My 5-year-old is a tutu wearing, princess loving, twirling, dancing, glittery girl. She loves getting her nails polished, anything with sequins on it, and never met a piece of jewelry she didn’t like. When she played soccer in the fall, she did pirouettes and leaps down the field, and was more interested in talking to her friends than scoring a goal (although she did score quite a few in the season!). She couldn’t care less about The Ninja Turtles or Spiderman or Batman, but Cinderella, Tianna and Belle? Oh, those are her boo thangs! Pink and purple are her favorite colors. She is, without a doubt, the absolute definition of a girly girl, and I’m totally okay with that.
Over the last few years, in society’s effort to keep up with the times and be inclusive when it comes to girls, there’s been a huge focus on celebrating differences and highlighting so-called alternative personalities. I’m referring to the little girls who would rather play in dirt than in glitter, who play with balls instead of dolls, or who would die before being caught in anything pink. Those little girls, the “tomboys”, are called out for being awesome and featured in news articles, folks are making memes out of their images, and they’re put on a pedestal for breaking gender stereotypes. It’s as if the less “girly” a girl is, the better.
What I’m not cool with is diminishing the girls who do love princesses, pink dresses, and ponies.
I mean, all of that is cool, and I’m always down with celebrating a little girl and letting her know that she’s special. What I’m not okay with is diminishing the girls who do love princesses, pink dresses, and ponies. Let me tell you, my Ayva is a smart, creative, expressive, kind and sweet child. I don’t know if she’ll grow up to be an engineer or a fashion designer, but I do know that she has the potential to be either one of those things, and both of them are pretty awesome careers to aspire to if you ask me. I get the importance of introducing girls to STEM activities, but I also know that not every child is going to be interested in, or even good at STEM activities. And what happens when I push Ayva into robotics camp because “that’s what smart girls do”? Imagine the hit her self esteem would take knowing she’d much rather be in a dance studio than in a lab, but Mommy, and society, say it’s not good enough.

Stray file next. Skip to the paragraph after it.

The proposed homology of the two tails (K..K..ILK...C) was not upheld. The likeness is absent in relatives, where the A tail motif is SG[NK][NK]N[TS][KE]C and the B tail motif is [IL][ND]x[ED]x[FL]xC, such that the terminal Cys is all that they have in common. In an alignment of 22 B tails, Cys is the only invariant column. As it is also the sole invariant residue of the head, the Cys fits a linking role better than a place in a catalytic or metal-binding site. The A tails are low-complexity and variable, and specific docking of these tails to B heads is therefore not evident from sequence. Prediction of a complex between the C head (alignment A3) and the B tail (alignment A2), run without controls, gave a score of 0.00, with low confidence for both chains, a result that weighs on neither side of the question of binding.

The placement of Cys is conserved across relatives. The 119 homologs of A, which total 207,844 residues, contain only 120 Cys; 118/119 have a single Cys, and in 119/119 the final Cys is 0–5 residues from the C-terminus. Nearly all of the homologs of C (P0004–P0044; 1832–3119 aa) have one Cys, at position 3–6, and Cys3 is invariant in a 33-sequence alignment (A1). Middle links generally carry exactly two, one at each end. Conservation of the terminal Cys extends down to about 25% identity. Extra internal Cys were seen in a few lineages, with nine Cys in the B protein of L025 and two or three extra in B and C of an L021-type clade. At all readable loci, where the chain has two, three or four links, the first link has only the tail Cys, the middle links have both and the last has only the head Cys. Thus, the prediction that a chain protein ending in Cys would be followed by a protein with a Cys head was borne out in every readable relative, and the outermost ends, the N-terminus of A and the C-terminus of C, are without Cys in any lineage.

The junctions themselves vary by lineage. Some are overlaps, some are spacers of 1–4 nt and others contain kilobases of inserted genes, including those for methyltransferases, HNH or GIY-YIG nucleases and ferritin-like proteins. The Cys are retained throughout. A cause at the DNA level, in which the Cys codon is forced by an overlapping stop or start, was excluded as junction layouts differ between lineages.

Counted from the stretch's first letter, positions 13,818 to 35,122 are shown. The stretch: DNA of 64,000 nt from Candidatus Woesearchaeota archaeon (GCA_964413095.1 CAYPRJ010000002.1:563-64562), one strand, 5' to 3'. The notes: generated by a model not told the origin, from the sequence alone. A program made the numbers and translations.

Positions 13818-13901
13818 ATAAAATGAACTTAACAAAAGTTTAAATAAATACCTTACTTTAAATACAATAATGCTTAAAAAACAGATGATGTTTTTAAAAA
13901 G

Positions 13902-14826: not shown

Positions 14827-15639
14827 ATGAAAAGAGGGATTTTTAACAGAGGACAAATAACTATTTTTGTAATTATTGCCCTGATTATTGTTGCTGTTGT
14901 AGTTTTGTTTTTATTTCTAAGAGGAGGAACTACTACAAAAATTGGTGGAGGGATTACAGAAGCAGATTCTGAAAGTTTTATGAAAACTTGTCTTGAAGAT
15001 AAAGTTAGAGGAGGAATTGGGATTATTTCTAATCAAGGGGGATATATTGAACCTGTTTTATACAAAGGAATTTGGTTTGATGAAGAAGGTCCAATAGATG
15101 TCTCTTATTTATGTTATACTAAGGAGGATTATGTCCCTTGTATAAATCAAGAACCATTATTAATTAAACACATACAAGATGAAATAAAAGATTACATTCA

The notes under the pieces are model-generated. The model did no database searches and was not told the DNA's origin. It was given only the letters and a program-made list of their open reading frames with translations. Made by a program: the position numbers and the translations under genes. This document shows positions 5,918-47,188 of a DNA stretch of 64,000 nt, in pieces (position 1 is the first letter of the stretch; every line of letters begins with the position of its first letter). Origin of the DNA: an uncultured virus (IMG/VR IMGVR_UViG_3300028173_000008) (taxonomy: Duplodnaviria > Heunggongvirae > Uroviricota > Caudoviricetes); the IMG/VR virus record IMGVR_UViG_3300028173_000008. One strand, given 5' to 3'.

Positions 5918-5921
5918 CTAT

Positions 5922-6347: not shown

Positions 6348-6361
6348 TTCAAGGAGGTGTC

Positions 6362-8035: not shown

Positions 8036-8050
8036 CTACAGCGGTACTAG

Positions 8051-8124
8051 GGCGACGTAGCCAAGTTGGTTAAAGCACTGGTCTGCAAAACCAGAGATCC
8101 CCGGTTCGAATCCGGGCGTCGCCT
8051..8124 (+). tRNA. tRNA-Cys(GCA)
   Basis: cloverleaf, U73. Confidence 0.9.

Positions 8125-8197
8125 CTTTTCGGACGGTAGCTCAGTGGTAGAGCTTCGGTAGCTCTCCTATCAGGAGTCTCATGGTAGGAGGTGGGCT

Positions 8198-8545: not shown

And, can I be honest for a minute? A lot of times, this gender thing really has nothing to do with the kids. There’s no data that proves that tomboys are happier than girly girls. The truth is there is a residual spotlight on us moms when our children are extraordinary, so some of us try to shape our children in a way that will make ourselves look more special or unique. You’re raising a girl that rides motor bikes? Cool! I’m raising a daughter that makes up THE best stories with her stuffed animals. Equally cool! One day she might be the head of a movie studio. Or a blogger. Again, both jobs that are worthy of aspiration.
How about this, if we’re going to celebrate differences, let’s really celebrate differences. Instead of sticking our girls into the Girly or Tomboy group, and trying to make it easier for us to categorize them, how about we let them be exactly who they are, period. Let’s stop looking at the package our girls come in, and worrying about whether it’s covered in camouflage or glitter, and spend more time helping them to know their worth and be brave and strong, no matter if they’re into dirt or dolls.